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What is a Defendant?

Updated on January 26, 2010

A defendant, in law, the person or group against whom a charge has been made in a criminal matter, or against whom a claim has been asserted in a civil matter. There are significant differences in the United States between being a civil defendant and being a criminal defendant. Although there are various kinds of civil cases, most often the person who starts an action (the plaintiff) is a private citizen seeking money to pay for the loss or injury he claims has been caused by the defendant's wrongful conduct. Inasmuch as the defendant's liberty is not involved, he cannot be arrested, need not be personally present in court, and, if he has no assets to protect, need not even defend the suit. Because the public interest is not involved, he may settle the matter out of court. He may also be required to supply information helpful to the plaintiff.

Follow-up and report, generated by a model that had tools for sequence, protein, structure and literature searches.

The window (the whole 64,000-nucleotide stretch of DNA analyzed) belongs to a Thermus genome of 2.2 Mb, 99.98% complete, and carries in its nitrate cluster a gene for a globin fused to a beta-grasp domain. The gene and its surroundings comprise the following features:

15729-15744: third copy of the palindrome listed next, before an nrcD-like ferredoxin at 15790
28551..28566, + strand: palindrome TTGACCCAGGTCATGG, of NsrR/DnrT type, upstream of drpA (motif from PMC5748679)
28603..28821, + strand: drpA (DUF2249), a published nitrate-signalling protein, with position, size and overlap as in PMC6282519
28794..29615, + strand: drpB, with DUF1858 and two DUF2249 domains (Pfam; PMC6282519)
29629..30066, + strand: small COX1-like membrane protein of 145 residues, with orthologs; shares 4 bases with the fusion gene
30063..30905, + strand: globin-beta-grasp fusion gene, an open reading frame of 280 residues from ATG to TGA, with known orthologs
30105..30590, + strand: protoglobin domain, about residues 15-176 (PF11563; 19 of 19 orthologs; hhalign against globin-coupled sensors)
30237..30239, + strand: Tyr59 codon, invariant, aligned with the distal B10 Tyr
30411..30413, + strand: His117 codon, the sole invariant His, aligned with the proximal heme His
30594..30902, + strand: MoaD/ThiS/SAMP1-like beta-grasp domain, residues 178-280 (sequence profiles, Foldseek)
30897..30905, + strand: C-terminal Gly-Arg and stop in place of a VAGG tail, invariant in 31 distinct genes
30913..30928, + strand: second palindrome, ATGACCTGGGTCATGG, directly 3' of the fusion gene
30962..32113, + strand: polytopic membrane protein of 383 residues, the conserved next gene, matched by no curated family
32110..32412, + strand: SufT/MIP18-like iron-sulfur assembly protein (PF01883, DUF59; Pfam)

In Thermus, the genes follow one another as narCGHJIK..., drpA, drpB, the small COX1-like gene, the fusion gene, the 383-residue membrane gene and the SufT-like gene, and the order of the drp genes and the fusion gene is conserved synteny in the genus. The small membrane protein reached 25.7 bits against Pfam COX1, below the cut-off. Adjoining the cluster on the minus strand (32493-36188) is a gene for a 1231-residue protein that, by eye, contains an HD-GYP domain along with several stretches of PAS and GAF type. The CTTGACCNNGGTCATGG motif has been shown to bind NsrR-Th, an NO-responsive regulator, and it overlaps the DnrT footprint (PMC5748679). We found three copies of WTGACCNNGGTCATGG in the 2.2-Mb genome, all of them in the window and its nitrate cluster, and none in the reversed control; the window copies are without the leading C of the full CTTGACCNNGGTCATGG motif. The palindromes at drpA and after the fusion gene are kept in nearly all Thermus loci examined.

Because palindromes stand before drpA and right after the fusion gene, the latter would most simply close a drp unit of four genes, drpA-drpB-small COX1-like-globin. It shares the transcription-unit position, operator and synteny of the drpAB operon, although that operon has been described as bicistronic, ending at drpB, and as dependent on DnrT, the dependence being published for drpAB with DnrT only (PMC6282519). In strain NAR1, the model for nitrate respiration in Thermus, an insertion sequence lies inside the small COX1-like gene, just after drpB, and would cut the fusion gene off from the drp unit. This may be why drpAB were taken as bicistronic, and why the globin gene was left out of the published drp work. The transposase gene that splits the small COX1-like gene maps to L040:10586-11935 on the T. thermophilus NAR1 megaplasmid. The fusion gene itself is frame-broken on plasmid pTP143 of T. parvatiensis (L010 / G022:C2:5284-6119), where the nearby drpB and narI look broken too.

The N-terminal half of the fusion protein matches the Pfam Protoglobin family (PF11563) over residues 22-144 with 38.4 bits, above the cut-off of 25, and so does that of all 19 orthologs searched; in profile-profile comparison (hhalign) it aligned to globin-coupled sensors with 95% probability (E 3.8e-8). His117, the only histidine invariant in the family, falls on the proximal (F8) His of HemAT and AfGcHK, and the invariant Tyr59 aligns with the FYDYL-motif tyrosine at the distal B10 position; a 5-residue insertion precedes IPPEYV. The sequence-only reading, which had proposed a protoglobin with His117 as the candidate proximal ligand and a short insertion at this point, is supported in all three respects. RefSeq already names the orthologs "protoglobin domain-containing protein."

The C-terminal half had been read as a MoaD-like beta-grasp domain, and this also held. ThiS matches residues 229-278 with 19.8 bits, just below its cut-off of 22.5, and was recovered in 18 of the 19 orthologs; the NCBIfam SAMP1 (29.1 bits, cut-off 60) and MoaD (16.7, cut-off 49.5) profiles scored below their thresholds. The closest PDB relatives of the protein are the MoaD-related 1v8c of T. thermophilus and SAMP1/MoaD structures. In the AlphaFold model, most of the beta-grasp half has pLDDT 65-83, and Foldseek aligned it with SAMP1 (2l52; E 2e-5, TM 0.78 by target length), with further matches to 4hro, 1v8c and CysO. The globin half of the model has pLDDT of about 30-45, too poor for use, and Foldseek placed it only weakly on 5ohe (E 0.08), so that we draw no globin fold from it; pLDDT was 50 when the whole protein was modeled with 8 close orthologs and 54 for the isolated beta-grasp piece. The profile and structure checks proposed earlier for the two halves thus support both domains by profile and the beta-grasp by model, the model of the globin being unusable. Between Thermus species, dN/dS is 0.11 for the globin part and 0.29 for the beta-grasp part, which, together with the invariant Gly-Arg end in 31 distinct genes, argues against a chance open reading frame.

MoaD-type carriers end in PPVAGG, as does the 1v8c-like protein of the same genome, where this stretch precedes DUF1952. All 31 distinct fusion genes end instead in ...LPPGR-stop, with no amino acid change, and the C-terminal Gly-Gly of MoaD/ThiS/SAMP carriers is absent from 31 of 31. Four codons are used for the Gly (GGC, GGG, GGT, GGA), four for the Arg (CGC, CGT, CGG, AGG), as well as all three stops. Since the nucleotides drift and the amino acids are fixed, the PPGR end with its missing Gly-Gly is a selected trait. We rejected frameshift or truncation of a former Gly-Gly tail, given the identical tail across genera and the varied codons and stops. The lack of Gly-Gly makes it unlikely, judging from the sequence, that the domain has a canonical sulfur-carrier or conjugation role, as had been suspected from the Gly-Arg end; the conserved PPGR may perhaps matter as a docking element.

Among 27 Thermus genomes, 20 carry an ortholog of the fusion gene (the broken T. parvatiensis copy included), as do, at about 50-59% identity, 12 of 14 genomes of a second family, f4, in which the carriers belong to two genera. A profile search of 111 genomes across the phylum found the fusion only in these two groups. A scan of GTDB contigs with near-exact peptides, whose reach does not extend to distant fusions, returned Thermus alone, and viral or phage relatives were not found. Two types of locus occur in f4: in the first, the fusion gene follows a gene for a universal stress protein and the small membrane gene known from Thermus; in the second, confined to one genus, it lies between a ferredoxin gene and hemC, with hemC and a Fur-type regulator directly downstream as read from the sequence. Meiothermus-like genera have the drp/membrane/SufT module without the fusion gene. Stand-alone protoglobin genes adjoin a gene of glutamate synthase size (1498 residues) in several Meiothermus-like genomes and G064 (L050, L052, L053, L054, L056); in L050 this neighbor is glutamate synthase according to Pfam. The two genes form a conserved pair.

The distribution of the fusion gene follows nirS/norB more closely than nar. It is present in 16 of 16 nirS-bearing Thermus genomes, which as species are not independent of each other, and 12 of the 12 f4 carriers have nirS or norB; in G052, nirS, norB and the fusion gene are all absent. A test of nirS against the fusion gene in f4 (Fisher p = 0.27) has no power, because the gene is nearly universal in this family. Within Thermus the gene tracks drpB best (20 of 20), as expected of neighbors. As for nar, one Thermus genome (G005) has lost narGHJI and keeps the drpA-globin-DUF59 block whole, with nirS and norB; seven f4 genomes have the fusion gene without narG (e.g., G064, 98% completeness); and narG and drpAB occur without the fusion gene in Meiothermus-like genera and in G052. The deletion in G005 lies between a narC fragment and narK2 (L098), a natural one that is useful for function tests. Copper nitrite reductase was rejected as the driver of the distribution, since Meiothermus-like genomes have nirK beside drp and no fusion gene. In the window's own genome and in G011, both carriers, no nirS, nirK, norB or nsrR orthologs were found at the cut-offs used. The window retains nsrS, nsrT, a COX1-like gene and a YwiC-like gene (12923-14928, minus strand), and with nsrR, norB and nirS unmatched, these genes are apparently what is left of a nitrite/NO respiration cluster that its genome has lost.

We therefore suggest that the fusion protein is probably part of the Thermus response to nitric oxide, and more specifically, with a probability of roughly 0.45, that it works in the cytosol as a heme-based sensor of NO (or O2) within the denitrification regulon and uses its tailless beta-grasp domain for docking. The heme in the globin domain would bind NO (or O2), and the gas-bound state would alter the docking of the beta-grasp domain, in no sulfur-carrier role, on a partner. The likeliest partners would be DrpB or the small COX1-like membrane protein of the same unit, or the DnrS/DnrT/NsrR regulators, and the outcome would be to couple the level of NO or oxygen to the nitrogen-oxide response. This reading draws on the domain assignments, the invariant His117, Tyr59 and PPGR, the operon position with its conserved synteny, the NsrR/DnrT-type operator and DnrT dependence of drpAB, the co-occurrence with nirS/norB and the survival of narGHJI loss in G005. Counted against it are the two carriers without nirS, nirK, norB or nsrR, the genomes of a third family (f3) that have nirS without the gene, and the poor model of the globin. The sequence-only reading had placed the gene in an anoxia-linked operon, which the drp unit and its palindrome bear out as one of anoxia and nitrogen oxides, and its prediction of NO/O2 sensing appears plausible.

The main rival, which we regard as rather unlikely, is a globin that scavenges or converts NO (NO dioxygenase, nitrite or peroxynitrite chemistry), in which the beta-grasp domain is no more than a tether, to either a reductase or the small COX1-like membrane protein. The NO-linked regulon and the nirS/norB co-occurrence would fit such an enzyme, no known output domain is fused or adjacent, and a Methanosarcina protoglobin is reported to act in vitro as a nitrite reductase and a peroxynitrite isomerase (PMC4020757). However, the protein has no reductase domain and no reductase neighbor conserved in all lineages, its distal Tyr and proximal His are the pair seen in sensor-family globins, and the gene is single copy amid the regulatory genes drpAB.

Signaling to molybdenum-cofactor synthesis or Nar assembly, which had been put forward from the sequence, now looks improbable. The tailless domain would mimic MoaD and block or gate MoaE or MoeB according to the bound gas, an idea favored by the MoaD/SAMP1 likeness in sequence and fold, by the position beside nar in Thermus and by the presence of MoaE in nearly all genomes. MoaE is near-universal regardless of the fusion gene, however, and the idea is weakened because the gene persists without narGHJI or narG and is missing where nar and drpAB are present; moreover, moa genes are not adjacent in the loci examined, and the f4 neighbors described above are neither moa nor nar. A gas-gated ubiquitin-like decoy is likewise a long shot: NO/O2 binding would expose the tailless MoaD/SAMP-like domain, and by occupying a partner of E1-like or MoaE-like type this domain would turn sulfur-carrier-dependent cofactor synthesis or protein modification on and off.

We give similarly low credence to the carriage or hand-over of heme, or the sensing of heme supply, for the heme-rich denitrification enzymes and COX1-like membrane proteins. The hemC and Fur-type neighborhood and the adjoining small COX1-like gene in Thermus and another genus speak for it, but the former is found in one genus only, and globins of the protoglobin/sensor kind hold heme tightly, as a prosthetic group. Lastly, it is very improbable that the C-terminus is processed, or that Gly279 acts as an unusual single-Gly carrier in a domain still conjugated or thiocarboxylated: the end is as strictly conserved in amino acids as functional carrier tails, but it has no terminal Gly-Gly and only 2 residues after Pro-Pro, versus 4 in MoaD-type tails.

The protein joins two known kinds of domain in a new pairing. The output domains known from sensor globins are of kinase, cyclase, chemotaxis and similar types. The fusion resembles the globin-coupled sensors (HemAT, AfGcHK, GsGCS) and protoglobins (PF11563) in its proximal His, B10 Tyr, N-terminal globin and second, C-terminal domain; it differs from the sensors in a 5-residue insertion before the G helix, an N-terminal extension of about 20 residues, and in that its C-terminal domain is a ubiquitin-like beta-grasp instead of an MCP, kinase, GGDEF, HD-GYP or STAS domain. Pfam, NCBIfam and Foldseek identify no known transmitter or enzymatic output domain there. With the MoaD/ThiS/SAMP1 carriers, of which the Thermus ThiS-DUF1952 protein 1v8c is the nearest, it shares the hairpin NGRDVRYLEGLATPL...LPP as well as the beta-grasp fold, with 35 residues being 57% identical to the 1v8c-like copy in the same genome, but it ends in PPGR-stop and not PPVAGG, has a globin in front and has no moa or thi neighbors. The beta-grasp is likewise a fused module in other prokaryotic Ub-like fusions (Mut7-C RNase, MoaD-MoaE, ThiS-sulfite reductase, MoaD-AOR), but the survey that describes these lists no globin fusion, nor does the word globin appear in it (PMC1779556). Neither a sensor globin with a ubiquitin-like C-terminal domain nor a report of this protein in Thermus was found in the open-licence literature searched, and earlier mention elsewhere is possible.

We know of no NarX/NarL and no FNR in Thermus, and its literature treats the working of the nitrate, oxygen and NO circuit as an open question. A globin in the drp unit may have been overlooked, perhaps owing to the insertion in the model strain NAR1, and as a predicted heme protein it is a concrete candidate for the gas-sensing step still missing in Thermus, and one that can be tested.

A criminal defendant, on the other hand, can be sent to prison if found guilty, and the party seeking to put him there is the state. Thus the defendant is subject to arrest and to giving bail (money or a bond) to ensure his appearance at trial. But he also is guaranteed, by the U.S. Constitution, the right to have an attorney, even if he cannot afford one, the right to trial by jury, and the right not to be compelled to give evidence against himself. His failure to assert a defense cannot be used as a silent admission of guilt. Moreover, he is presumed innocent until proved guilty, and must be proved so beyond a reasonable doubt.

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